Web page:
The output for a process is usually more uniform: In terms of invoice processing, the output is a paid invoice along with documentation in your ERP or accounting software. You need to understand these inputs and outputs at every stage to get a clear picture of the end-to-end process.

4. Observe and record the process.

Observation and documentation generate the data you need for analysis. Record quantifiable metrics like time spent on each action and input costs, and note every instance of work hand-offs from one participant to another.

Start by documenting what analysts call the “happy path,” a picture of the process when everything goes as planned. But also study “exception paths,” the process as altered by disruptions. Focus on the exceptions that are both most likely and most disruptive; those are the ones you want to observe and chronicle.

Ask the question “What happens when?” as opposed to trying to put the process into clear steps right out of the gate—and record only real-world behavior, not the standard operating procedure. At all times, remain objective, noting only the facts.

5. Interview process stakeholders.

Ask process participants and owners where they identify bottlenecks. Don’t take comments as authoritative truth; you’ll verify what participants say later. But stakeholder opinions are a powerful data source in your analysis.

6. Create a workflow map for the process.

Once you have your data, it’s time to get it all down on paper. Create a process map that identifies:

  • Steps
  • Inputs and outputs of those steps
  • Participants who complete these steps
  • Common exception scenarios
  • All other applicable details about the process

This is the documentation you’ll work with during the actual analysis.

Create a workflow map for business process analysis

An extremely simple process map.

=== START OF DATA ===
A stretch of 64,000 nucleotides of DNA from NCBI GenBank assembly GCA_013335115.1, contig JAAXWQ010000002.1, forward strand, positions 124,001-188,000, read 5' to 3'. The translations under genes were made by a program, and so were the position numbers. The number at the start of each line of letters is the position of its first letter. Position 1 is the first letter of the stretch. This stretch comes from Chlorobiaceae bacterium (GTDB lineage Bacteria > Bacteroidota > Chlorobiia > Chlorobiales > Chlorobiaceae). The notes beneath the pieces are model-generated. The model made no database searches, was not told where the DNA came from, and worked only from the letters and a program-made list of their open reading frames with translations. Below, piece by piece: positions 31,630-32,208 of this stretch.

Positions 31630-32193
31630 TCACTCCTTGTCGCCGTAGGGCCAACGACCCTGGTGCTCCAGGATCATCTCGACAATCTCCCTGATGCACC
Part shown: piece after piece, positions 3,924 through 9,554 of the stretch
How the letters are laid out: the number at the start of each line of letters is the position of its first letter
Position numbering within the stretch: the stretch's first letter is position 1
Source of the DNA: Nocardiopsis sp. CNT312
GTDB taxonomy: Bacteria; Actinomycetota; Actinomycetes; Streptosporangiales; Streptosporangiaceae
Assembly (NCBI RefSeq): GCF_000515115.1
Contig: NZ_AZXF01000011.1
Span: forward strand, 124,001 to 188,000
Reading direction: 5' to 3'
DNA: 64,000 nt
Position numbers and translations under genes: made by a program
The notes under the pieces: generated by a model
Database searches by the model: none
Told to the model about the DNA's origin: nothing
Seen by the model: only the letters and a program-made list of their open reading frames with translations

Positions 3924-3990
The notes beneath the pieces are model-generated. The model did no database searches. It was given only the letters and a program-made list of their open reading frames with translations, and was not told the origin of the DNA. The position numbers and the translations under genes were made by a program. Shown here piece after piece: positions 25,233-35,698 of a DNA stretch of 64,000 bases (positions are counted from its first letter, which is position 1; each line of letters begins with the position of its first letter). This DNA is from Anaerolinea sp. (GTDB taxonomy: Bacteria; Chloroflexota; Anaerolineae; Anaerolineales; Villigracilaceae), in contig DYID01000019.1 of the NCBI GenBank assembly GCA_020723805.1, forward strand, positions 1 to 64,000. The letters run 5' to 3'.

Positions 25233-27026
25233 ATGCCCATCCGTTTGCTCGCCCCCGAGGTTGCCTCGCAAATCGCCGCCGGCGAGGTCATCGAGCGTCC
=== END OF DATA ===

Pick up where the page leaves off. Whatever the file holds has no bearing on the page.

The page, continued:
7. Analyze the process.

With data prepared, you can proceed to the analysis. Keep your analysis quantifiable; you want to boil workflows down into numbers. Study the metrics, finding answers to questions like:

  • Are there steps causing delays or bottlenecks?
  • Can any steps be eliminated or folded into other steps?
  • Do stakeholders have the resources they need to complete their end of the process?
  • Are errors occurring consistently at one step or another?
  • What are the common stakeholder complaints?

Now that you have a general picture of BPA from start to finish, let’s take a look at the tools you’ll need to get the job done.

2 Necessary Types Of Business Process Automation Tools

As in any project, you need the right tools to conduct BPA successfully. These tools fall into two general categories:

1. Documentation tools for BPA.

These tools help you collect data on the process. They could be as simple as a team of analysts with clipboards. More likely, you’ll start with recording devices. On-site, you might use videorecording. Off-site, you might do the same; Zoom is often extremely helpful for recording participant screens as they work.

You might even point a video camera at the keyboard, tracking work at the keystroke level. Or you could use process recorders, software that tracks mouse clicks and keystrokes within the computer system. Process recorders do tend to catch a lot of noise, however, and they often miss the human element—things as simple as an absence or unscheduled break.

2. Process mapping tools.

The main output of an initial BPA project is the process map, a document that describes process workflow in detail. Try PowerPoint to create a clear process map incorporating both graphics and textual descriptions of workflow. Or use a dedicated process mapping tool; Microsoft Visio is a popular choice.

Either way, with a process map and a detailed report, you’re ready to put your analysis to work.

After BPA: What To Do With Business Process Analysis Results

As we’ve mentioned, most BPA is a precursor to process optimization. That’s where you go from “as-is” to “to-be,” designing a new process map that removes the inefficiencies you uncover during your analysis. Often, this optimization involves automation—and with a combination of Robotic Process Automation (RPA), Business Process Management (BPM), and Artificial Intelligence (AI), you can automate entire processes from beginning to end.

This is called intelligent automation, and it’s what the Nividous platform provides all in one place.

At Nividous, we start every automation project with thorough business process analysis. Then we optimize that process before automating. After all, automation creates scalability, and if you scale an inefficient process, you scale inefficiency. Our team of expert business analysts can help you conduct BPA, either as a precursor to automation or as a stand-alone service.